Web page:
The Ghatscape on Gangaji in Kasi

The morning of Banaras is called special (I can’t say much about the evening of Lucknow). One of the main reasons that makes the morning special in Banaras is definitely the sun rising from behind the right sandy bank of Gangaji. The early (fog free) morning view of the crescent ghatscape, as seen in the first image of the gallery, from somewhere around Pandey Ghat, gives one a fair idea of the way this bank of the river is shaped.

A lot has been said and written about the ghats of Kasi (on my blog too). This post is again about ghats, rather, about ghatscape. Just like the galis and rooftops of Kasi, the ghats too are not just physical spaces. They are cultural and social spaces too. From morning till night, people come to their favourite neighbourhood ghat regularly (here favourite is important because there may be more than one ghat in one’s neighbourhood, both at a convenient distance). There are some who would keep their ghat going routine intact even in the most extreme of seasons, till the end of their life. What do they do there?

The list of common activities on ghats begins with taking bath that can gradually turn into swimming. The first thing one has to do before entering the river is to undress. Then mustard oil is applied on hair and for an incomplete self- massage before one enters Gangaji.


People believe that the water of Gangaji purifies all sins. To clean their skin, they use soaps of various types and brands. I have seen people cleaning their clothes, hair and body with the same Sikka brand soap that is used to wash clothes. Its popularity is because of its being very economical. After cleaning their body and cleansing their soul, they go to the temple of the deity they have chosen for the purpose. Before they start on their journey to the temple, they fill their small brass pots or kamandalu with gangajal to anoint the deity they want to please or appease. These and many other activities are performed by thousands of people on many ghats in a nearly synchronised manner, although the syncronisation has nothing to do with any kind of conscious planning or decision making. The people and their activities, along with the ghats themselves, go into the making of the ghatscape of Kasi.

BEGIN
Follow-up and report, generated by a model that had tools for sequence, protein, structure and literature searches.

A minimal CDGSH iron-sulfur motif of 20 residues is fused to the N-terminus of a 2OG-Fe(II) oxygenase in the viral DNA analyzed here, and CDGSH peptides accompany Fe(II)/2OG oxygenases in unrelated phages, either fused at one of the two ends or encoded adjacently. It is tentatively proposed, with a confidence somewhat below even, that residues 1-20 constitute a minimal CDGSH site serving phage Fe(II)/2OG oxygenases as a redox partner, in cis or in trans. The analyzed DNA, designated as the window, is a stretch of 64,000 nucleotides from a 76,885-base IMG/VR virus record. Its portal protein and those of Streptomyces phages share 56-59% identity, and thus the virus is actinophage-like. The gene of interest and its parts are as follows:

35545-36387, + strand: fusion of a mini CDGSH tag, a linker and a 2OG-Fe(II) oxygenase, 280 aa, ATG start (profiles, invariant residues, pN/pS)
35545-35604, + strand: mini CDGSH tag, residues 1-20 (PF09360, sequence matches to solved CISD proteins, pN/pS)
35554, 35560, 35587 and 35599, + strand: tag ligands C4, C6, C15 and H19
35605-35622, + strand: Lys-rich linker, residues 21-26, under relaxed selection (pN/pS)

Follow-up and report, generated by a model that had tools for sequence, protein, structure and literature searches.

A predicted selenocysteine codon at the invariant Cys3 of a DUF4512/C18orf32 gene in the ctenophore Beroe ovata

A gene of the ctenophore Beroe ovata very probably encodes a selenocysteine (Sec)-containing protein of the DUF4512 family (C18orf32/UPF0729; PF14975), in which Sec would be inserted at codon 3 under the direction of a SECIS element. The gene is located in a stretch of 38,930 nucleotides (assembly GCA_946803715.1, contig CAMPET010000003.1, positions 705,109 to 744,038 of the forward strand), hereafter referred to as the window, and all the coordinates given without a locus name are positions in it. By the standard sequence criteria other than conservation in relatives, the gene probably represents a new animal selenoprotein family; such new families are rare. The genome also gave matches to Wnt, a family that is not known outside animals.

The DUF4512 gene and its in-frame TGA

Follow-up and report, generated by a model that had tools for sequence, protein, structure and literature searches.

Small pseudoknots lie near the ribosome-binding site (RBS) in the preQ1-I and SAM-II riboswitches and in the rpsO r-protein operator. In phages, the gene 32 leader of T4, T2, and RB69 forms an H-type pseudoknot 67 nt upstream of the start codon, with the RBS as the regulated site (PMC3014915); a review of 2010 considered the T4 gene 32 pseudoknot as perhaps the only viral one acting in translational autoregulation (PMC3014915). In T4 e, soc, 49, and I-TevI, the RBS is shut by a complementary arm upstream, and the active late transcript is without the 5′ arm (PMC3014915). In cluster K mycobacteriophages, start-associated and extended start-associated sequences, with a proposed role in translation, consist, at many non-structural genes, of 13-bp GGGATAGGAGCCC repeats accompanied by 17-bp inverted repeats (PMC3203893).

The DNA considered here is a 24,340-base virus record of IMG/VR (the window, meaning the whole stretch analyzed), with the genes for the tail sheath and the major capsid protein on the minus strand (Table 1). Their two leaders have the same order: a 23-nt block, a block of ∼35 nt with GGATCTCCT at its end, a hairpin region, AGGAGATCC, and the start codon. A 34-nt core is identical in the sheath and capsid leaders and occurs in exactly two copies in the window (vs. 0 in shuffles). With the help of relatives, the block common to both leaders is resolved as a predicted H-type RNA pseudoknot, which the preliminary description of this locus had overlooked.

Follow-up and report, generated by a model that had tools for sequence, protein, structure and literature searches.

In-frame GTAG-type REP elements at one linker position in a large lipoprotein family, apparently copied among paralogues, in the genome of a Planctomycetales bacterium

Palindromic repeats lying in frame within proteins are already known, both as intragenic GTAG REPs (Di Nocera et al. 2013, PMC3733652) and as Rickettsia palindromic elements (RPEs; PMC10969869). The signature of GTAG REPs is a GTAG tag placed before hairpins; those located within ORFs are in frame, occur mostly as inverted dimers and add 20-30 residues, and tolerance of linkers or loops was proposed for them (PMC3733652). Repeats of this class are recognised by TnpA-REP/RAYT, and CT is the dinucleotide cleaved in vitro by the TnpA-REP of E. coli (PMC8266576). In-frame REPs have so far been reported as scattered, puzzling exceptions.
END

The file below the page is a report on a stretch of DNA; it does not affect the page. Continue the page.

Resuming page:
These ghats came into existence because human beings needed them. They bear the traces of their point of origin. One common trait of the ghats is that they perform the crucial function of saving the city from the annual rising of the river after the monsoon rains. In this, they perform the function of an embankment – a dependable and old one. Yet, they are much more than just embankments. They also perform the function of tree-and-plant-less-parks, recreation areas, gymnasium and cricket pitch. They also provide space for tea stalls, washing and drying of clothes, swimming and boating clubs etc.

The ghatscape is incomplete without boats on Gangaji. Nearly all the ghats of Kasi have iron or bamboo pegs. Boats are secured by tying them with ropes to these pegs. These boats are of various sizes and heights. Many of them have diesel motors now, but even a decade ago most of them were rowed with wooden oars reinforced with tin sheets. There are big boats and small ones. The largest and tallest ones have wooden walls that are painted with traditional motifs. They are called bajras. I remember one that I regularly used to spot in front of Kshemeshwar Ghat.

There are many characteristic elements of Kasi ghatscape. One of them is the presence of shrines and temples on many of the ghats.

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